11th September, 2012
The African University of Science and Technology (AUST) has discovered a new drug and method for the treatment of cancer, its President and Provost, Professor Wole Soboyejo, said in Abuja.
Soboyejo said the feat was achieved in the course of the ongoing research into cancer treatment, adding the the research was already showing reasonable conclusions of a nanotechnology-based cancer treatment.
The drug development, he said, is a collaboration between the university, Sheda Science and Technology Complex (SHETSCO) and Princeton University in the United States with funding from World Bank STEP-B Projects and that Abuja is now the operational centre for the research. Work had started on it at Princeton in the USA.
He said that the treatment would utilise nanoparticles, which could be injected into the body through the blood vessels to the capillaries and then attach itself to the cancer cells. It would also utilise Biological Micro-electromechanical Systems (Bio-MEMS) and used for detecting and treating cancer.
Bio-MEMS refers to a special class of Micro-Electromechanical Systems (MEMS) where biological matter is manipulated to analyse and measure its activity under any class of scientific study.
Soboyejo said the research into the nanoparticles and Bio-MEMS was being anchored by experienced PhD students of the university.
“We are beginning to plan animal experiment and we are talking to some people who are basically helping us with setting up the animal cages to do the animal experiment.We are also setting up a bio-ethics committee because you know before you can start doing animal experiment you have to follow certain ethical procedures, so, we are in the final stages of receiving approval from the Nigerian Bio-ethics Board.”
Soboyejo said that progress had been made in the bio-MEMS research ‘’as the implantable devices had the capability of soaking up drugs before they are implanted and squeezing them into cancer cells. ’’
He said that apart from squeezing out drug for chemotherapy, the devices could also be used to apply heat to the region where the cancer tumour was located.
“And what is special about this prodigosene is that we can make it from local bacteria and we can make it in sufficient quantities for drugs. We have separated it and we have tested it and shown that it has the same effectiveness in treating cancer as “Taxol”, which is a well-established cancer drug. We have also looked at the device design and tested the device design in terms of how it can soak up the drug and release the drug.
“Lastly, we have done experiments to show the effective killing of cancer cells by the release of the drug from the device and we are now ready to do the animal experiments. So, the animal experiments have been designed, once we receive bio-ethics approval we would like to conduct the initial experiment for demonstrating the shrinkage of the tumour in the last quarter of this year.’’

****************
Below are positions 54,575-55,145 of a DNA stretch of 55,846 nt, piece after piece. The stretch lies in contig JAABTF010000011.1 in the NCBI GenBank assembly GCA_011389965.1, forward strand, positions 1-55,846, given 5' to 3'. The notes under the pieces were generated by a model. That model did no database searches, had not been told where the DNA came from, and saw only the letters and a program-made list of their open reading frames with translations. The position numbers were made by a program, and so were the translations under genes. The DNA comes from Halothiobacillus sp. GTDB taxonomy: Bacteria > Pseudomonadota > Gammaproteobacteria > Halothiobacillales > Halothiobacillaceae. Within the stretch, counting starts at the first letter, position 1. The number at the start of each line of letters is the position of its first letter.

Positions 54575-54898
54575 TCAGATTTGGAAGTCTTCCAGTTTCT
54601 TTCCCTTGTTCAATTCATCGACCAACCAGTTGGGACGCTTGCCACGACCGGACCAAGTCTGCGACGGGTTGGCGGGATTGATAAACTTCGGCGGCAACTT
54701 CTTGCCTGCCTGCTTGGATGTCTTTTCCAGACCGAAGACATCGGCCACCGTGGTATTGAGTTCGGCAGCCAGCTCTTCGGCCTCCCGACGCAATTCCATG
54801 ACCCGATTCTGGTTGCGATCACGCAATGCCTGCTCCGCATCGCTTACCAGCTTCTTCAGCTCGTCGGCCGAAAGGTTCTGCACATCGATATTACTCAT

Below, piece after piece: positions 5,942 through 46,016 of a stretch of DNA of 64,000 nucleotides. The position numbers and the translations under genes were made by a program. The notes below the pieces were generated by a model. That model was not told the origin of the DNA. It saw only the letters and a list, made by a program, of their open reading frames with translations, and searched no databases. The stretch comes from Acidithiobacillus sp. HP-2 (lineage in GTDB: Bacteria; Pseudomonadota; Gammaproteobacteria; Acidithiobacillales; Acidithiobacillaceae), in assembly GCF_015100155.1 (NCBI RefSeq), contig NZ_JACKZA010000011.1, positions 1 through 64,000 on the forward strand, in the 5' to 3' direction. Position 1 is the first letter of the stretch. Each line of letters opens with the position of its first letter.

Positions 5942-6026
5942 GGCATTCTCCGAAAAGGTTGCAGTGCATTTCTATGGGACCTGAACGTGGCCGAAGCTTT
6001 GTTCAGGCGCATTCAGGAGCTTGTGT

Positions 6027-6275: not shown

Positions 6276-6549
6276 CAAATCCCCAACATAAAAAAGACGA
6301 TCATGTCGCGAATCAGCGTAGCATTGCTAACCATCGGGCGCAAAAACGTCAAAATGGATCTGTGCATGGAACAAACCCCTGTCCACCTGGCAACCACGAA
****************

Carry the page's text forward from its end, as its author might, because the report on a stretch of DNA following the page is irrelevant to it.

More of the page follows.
Soboyejo said that beyond the use of the new drug, another PhD student was also looking at how to use a combination of heat and drug to kill cancer cells.
He said that because the laser beams had limited penetration, it could only be effective for near-surface tumours while the heat generated by oscillating magnetic fields at the nanoparticles would serve better in the treatment of bulk tumours.
He said that the university and its partners were considering the effect heat would have on cancer cells as well as how to control and regulate the heating while restricting it to only the area with cancer cells.
“What we are now trying to do is to put a control system in place with some local detector that would make sure that that heat never exceeds the level that you need for treatment. The student is now designing and making the system and the idea that we have is putting in the ability to sense and also to control the temperature to do effective heating.So once we do that we would then be able to use that heat to release the drug as well as to kill the tumour and our plan is to follow the initial experiment on drug release on animals with the experiment on drug release and heat.
“The real reason for combining the two is you may be able to reduce the total amount of drug you need to have a therapy take effect and thereby reduce the side effects of the treatment. ’’
He expressed gratitude to the World Bank Science Technology Education Post-Basic projects (STEP-B) for sponsoring the research, saying that without the funds, there would have been no advancement in the research. (NAN)